Congrats on your recent Kickstarter fundraising for the year! Concerning this year’s focus:

  • Fostering the creation of more Groupmuses in more communities, uniting more folks with more musicians and more masterpieces of art.
  • Building a business model that is worshipful of the art, fair to artists, and sustainable.

Which factors and resources will help build that business model? What are your first steps? What does this “look” like?

There’s no replacement for good old trial and error. The most obvious experiment we’ll be running this quarter is just charging people to RSVP. We’re also rolling out a membership program that’ll entail all sorts of cool Groupmuse and arts related perks for a small monthly fee. If neither of those work, we’ll try the next thing!

There is an amazing transparency about musician payment and how Groupmuse is run in general. Who or what do you look to in order to keep the mission– and forgive clumsy, hyperbolic words– “pure”? What kind of challenges and temptations come to possibly threaten the integrity and transparency of Groupmuse?

We look to our community – musicians and groupmusers alike! We’re much more interested in what the actual participants in the performance experience have to say about what constitutes “fairness” than outside bodies who don’t know what it’s like to play at a groupmuse and how that should be compensated.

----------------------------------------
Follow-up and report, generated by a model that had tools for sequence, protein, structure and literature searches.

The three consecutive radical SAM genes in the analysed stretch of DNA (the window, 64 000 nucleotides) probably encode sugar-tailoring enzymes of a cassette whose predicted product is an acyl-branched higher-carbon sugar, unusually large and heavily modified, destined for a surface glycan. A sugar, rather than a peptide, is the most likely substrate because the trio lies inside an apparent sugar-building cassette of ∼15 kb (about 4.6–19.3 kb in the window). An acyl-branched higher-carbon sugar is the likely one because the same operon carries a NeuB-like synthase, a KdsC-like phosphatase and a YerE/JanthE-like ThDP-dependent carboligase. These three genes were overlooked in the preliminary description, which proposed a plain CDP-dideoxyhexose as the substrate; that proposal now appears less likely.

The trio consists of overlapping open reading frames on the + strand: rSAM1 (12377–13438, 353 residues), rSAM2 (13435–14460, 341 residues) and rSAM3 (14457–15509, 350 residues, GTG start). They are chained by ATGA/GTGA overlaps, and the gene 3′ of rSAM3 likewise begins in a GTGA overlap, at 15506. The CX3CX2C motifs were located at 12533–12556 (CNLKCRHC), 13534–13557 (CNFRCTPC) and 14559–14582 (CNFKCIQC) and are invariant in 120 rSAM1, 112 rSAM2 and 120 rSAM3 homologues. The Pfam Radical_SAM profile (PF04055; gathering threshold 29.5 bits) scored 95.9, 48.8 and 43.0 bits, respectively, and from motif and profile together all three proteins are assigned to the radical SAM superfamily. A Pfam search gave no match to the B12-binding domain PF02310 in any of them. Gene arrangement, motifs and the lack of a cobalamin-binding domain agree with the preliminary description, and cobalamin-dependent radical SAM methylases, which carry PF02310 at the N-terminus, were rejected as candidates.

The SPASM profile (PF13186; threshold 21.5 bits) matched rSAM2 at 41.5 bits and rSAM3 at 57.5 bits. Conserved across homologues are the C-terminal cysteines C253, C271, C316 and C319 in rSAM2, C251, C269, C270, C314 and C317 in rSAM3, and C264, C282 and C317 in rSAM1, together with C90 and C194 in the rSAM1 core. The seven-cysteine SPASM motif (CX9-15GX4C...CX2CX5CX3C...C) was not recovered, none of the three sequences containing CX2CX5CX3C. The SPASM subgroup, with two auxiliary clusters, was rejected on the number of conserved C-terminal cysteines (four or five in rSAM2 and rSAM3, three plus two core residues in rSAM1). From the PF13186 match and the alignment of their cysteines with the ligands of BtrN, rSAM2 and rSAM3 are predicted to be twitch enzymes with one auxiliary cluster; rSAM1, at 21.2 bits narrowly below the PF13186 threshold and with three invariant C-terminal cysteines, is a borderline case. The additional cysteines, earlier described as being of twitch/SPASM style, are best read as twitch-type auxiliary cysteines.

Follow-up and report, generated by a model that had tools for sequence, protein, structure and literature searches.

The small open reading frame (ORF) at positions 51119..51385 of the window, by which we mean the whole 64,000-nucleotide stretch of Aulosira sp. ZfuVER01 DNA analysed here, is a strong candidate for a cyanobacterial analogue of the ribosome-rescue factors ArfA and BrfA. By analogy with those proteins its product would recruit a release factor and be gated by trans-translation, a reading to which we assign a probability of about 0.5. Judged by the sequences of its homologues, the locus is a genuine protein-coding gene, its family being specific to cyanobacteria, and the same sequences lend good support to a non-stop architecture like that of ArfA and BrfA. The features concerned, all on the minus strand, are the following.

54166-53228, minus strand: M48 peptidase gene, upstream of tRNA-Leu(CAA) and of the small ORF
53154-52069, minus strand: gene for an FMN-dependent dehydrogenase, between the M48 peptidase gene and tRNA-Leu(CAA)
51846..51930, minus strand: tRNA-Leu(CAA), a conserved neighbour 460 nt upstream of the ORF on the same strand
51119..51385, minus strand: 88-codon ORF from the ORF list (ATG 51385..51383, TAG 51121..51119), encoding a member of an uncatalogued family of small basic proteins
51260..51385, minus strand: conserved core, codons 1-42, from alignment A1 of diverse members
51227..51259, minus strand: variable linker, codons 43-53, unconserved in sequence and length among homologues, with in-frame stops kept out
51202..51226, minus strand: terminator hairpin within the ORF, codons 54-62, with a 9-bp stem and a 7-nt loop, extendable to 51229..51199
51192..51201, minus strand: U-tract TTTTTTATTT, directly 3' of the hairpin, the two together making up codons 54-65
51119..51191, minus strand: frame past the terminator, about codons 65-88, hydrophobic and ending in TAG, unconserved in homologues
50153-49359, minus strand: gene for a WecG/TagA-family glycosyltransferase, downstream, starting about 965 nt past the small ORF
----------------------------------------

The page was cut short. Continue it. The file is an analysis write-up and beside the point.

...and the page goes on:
We’re not super worried about temptations threatening our integrity – our team is made up of zealots who care much more about the art and the vision than the bank statement, but an ever present challenge is inducing audience members to compensate the musicians in a way that’s commensurate with how much they value the experience they’ve just had. I mean, a person will drop $20 on Uber to the event without thinking twice, but then when the bowl comes around, they’ll only drop in a $10. I don’t think anyone would argue that a cab ride is twice as valuable as profound and transcendent musical experience, so what accounts for that disparity in compensation? Answering that question effectively and respectfully is one of our greatest challenges, and a very important one to overcome to preserve the integrity of what we do such that musicians feel their gifts and their art is being sufficiently respected.

What inspires volunteers in their donated efforts and time for Groupmuse? Where can people sign up to volunteer?

Volunteers come from two camps: 1. People who worship and believe in this music and see Groupmuse as its great hope. 2. Community members who are extremely moved by the intimacy and warmth of our endless series of lovely evenings and believe in the potential it has to build communities in meaningful and sustainable ways.

If you want to volunteer, just send an email to! She’s our volunteer guru.


Join us the evening of Friday, February 26th for a unique musical, artistic, and community experience: Shattered Glass will be performing ‘Serenade for Strings’ for the Massivemuse at Brooklyn Boulders!

Buy a ticket today